Ubuntu getting the desktop Linux buzz, but SuSE gets first major preload partner

Summary:Last week, I wrote about how Ubuntu (desktop Linux) is getting heaps of praise and good karma at the expense of some other traditionally compelling destkop distros including Xandros.  This week however, the cards are appparently falling Novell SuSE desktop Linux's direction as eWeek is reporting that one of the three top-tier vendors -- Lenovo -- will be offering SuSE Linux Enterprise Desktop (SLED) as a preload option.

Last week, I wrote about how Ubuntu (desktop Linux) is getting heaps of praise and good karma at the expense of some other traditionally compelling destkop distros including Xandros.  This week however, the cards are appparently falling Novell SuSE desktop Linux's direction as eWeek is reporting that one of the three top-tier vendors -- Lenovo -- will be offering SuSE Linux Enterprise Desktop (SLED) as a preload option.  Wrote eWeek's Steven J. Vaughan-Nichols:

For years, the holy grail of the Linux desktop has been to get a major computer vendor to commit to preloading a Linux desktop. It finally happened....On August 4, we found out that Lenovo Group, the company that has taken over IBM's Personal Computing Division, had made a deal with Novell to preload SLED 10 (SUSE Linux Enterprise Desktop) on its ThinkPad T60p mobile workstation....For the first time, a major OEM (original equipment manufacturer) has committed to preloading a Linux desktop.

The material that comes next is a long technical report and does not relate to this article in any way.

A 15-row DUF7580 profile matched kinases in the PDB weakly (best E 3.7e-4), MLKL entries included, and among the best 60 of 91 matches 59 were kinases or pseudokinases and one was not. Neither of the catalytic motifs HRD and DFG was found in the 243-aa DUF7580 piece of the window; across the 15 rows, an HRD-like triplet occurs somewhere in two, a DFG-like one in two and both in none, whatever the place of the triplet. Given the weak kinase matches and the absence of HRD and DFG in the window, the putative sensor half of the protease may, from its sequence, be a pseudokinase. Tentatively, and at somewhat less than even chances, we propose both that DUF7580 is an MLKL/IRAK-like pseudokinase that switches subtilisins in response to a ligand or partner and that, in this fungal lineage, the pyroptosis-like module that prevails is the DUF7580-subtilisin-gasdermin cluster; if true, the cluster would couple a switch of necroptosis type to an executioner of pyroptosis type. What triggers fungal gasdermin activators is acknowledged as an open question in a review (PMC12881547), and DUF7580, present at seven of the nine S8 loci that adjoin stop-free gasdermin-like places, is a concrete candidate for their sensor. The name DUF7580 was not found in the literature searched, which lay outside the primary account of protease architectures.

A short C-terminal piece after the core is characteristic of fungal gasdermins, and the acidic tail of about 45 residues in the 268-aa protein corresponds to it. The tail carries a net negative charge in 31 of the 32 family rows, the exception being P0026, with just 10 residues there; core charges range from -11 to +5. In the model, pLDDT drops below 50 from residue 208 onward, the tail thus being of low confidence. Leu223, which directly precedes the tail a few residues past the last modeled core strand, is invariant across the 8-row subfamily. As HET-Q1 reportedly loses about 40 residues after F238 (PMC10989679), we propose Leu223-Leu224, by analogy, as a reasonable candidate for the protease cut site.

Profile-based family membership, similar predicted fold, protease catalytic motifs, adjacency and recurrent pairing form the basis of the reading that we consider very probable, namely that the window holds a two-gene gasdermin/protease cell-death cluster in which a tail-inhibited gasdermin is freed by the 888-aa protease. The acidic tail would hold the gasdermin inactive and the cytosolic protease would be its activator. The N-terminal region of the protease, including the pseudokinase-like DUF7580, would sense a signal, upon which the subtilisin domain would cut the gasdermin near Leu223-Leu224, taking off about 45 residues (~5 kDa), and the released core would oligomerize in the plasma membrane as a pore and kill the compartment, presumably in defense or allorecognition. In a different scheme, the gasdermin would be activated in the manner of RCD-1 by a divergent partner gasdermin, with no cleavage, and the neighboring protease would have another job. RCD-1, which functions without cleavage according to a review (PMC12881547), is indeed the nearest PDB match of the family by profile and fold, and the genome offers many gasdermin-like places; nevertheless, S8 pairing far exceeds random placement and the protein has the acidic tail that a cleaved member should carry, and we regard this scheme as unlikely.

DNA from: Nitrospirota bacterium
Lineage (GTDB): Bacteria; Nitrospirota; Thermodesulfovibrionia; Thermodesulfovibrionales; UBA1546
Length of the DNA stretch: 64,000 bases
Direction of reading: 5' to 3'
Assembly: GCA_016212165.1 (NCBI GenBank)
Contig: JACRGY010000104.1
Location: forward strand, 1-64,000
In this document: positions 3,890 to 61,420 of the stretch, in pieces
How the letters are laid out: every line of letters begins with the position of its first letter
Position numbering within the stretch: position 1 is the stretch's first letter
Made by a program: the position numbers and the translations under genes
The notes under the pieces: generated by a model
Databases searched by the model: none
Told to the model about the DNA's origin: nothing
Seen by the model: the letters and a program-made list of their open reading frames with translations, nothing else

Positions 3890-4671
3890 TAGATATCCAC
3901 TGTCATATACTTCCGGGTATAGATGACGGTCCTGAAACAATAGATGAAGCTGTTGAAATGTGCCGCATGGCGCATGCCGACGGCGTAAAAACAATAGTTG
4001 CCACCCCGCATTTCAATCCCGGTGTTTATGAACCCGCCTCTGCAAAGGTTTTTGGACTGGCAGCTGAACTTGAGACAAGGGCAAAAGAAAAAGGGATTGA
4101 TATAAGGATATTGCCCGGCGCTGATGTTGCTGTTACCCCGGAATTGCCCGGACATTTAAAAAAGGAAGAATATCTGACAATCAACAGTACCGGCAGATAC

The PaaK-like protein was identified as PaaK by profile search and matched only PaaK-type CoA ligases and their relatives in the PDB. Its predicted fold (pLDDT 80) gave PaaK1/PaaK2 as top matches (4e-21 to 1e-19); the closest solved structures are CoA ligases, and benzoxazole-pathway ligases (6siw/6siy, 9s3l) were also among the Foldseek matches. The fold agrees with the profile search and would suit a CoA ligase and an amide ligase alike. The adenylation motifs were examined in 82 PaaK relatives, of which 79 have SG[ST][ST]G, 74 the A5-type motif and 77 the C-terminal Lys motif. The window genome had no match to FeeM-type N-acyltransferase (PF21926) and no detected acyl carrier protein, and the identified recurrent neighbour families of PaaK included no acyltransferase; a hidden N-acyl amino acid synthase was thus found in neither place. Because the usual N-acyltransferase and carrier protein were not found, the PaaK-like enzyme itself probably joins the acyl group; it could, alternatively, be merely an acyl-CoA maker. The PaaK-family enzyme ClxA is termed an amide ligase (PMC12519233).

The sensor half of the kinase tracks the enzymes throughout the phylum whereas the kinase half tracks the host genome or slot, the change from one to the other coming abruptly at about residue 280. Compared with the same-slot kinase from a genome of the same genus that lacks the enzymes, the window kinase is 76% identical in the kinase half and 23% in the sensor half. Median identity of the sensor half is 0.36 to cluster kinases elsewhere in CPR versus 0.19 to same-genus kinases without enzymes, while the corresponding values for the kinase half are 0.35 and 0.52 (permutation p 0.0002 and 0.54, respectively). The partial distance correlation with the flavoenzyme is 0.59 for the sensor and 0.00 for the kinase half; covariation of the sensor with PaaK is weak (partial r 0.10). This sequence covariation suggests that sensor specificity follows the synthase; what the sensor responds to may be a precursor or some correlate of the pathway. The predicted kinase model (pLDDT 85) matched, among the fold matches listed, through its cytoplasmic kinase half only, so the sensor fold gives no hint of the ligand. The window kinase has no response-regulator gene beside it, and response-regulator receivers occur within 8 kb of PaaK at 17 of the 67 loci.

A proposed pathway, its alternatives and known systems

Wow. 

After being out-of-service for nearly month (partially my fault because I was too busy to ship it), my Thinkpad is due back tomorrow and I'm trying to figure out the shortest path to getting it all virtualized the way I like it. Given SuSE's support for Xen, it would be cool to run SLED as the host (Xen actually doesn't use the word host but I'm using it since there's no universal langauge) and then Windows on a couple of guests.  But the one thing I'm more interested in is how to get the host minimized to a really low footprint so I don't have to run all of SLED or Windows or something else just to manage the hypervisor.  I want to save as many system resources as possible for the guest OSes.  I've found quite a bit of advice online about using Linux as a host, but none that walks you through -- beginning to end -- how to set up a stripped down Linux that only has what you need to support the other guests.

If you know, feel free to comment below. Thanks 

Topics: Linux

About

David Berlind was fomerly the executive editor of ZDNet. David holds a BBA in Computer Information Systems. Prior to becoming a tech journalist in 1991, David was an IT manager.

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